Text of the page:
Klaus Riedel (August 2, 1907 – August 4, 1944) was a German rocket pioneer. He was involved in many early liquid-fuelled rocket experiments, and eventually worked on the V-2 missile programme at Peenemünde Army Research Center.
Riedel was born in Wilhelmshaven, the son of a naval officer. His mother died when he was twelve years old, and his father two years later. The orphaned Riedel was raised by his grandmother in Bernstadt. He went on to study mechanical engineering at the Technical University of Berlin and to work at Löwe. While in Berlin, he attended a public lecture on rocketry by Rudolf Nebel on behalf of Germany's amateur rocket group, the Verein für Raumschiffahrt (VfR - "Spaceflight Society") and joined the group straight away, becoming very active in its efforts to build a working rocket that resulted in the Mirak and Repulsor rockets, providing his family's farm as a testing ground.
After the VfR disbanded in 1933, Riedel denied to join Wernher von Braun in the army's rocket programme and worked for Siemens. He accepted von Braun's offer only in August 1937 after the army paid a compensation for earlier rocketry patents owned by him and Rudolf Nebel. Riedel was called "Riedel II", and his initial position in Peenemünde was "Head of the Test Laboratory". From 1941, he was mostly concerned with developing the mobile support equipment for the V-2 and became "Head of Ground Equipment" .
Riedel had been under SD surveillance since the beginning of Nazi Germany in 1933 as he was founding memeber of the Panterra society and the German league of human rights. A Gestapo report of March 1944 stated that he, Wernher von Braun, and his colleague Helmut Gröttrup were said to have expressed regret at an engineer's house one evening that they were not working on a spaceship and that they felt the war was not going well; this was considered a "defeatist" attitude. A young female dentist who was an SS spy reported their comments. Combined with Himmler's false charges that they were communist sympathizers and had attempted to sabotage the V-2 program, the Gestapo detained them on March 21, 1944, and took them to a Gestapo cell in Stettin (now Szczecin, Poland), where they were held for two weeks without knowing the charges against them. Major-General Walter Dornberger, military head of Peenemünde, and major Hans Georg Klamroth, reprensentative for counterintelligence at Peenemünde, obtained their conditional release so that the V-2 program could continue.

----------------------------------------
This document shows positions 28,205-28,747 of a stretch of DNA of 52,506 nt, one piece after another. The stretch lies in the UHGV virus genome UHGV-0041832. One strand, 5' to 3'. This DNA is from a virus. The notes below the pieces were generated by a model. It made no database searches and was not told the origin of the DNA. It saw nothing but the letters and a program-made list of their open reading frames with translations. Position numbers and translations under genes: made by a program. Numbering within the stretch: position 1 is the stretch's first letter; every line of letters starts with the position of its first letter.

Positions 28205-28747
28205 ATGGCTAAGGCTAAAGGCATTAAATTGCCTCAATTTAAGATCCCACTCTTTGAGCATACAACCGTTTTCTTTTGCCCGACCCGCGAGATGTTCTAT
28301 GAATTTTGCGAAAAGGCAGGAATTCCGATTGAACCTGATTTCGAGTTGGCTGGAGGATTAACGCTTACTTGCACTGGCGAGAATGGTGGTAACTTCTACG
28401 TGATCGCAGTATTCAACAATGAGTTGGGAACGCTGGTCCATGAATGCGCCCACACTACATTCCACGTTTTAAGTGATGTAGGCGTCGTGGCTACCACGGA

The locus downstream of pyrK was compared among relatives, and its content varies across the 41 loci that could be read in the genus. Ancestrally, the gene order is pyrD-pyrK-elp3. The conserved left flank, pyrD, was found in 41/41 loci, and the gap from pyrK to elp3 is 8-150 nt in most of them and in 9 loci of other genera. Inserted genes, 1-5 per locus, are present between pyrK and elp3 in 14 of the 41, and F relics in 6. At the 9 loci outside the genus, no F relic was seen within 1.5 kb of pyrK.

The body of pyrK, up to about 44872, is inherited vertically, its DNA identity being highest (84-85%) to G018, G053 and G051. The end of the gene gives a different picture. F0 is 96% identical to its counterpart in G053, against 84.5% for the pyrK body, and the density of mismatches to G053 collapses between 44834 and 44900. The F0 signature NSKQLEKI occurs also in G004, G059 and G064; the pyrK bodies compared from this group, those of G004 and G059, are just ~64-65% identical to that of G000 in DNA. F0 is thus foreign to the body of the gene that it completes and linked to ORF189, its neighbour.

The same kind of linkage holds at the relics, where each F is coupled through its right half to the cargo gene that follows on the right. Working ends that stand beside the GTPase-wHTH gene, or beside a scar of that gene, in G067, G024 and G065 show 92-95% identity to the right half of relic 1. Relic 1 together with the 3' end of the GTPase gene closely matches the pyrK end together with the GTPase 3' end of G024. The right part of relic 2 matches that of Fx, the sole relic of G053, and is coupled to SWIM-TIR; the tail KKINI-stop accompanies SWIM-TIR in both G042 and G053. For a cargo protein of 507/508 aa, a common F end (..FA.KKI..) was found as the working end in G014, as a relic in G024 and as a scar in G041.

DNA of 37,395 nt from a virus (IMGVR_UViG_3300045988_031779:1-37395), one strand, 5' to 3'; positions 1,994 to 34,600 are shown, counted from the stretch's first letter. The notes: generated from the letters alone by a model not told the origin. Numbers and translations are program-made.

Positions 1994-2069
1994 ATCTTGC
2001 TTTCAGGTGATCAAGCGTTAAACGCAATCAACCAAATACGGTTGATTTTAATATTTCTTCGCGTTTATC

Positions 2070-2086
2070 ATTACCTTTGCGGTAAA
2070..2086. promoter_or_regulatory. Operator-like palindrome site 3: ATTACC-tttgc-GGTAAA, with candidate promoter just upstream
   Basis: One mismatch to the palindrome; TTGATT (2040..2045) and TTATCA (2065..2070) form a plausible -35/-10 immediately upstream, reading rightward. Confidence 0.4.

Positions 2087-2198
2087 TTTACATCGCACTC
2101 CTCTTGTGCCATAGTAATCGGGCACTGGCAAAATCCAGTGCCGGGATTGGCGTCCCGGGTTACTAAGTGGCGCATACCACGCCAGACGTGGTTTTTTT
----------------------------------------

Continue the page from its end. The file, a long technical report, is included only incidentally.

Klaus Riedel was killed in a mysterious car accident on a straight road near to Zinnowitz two days after his thirty-seventh birthday when travelling home from work. He left behind his wife Irmgard Kutwin and an 18 month old daughter.
There is a memorial and small museum dedicated to him in Bernstadt and in 1970 a crater on the moon was named after him and Walter Riedel ("Riedel I", not related to him).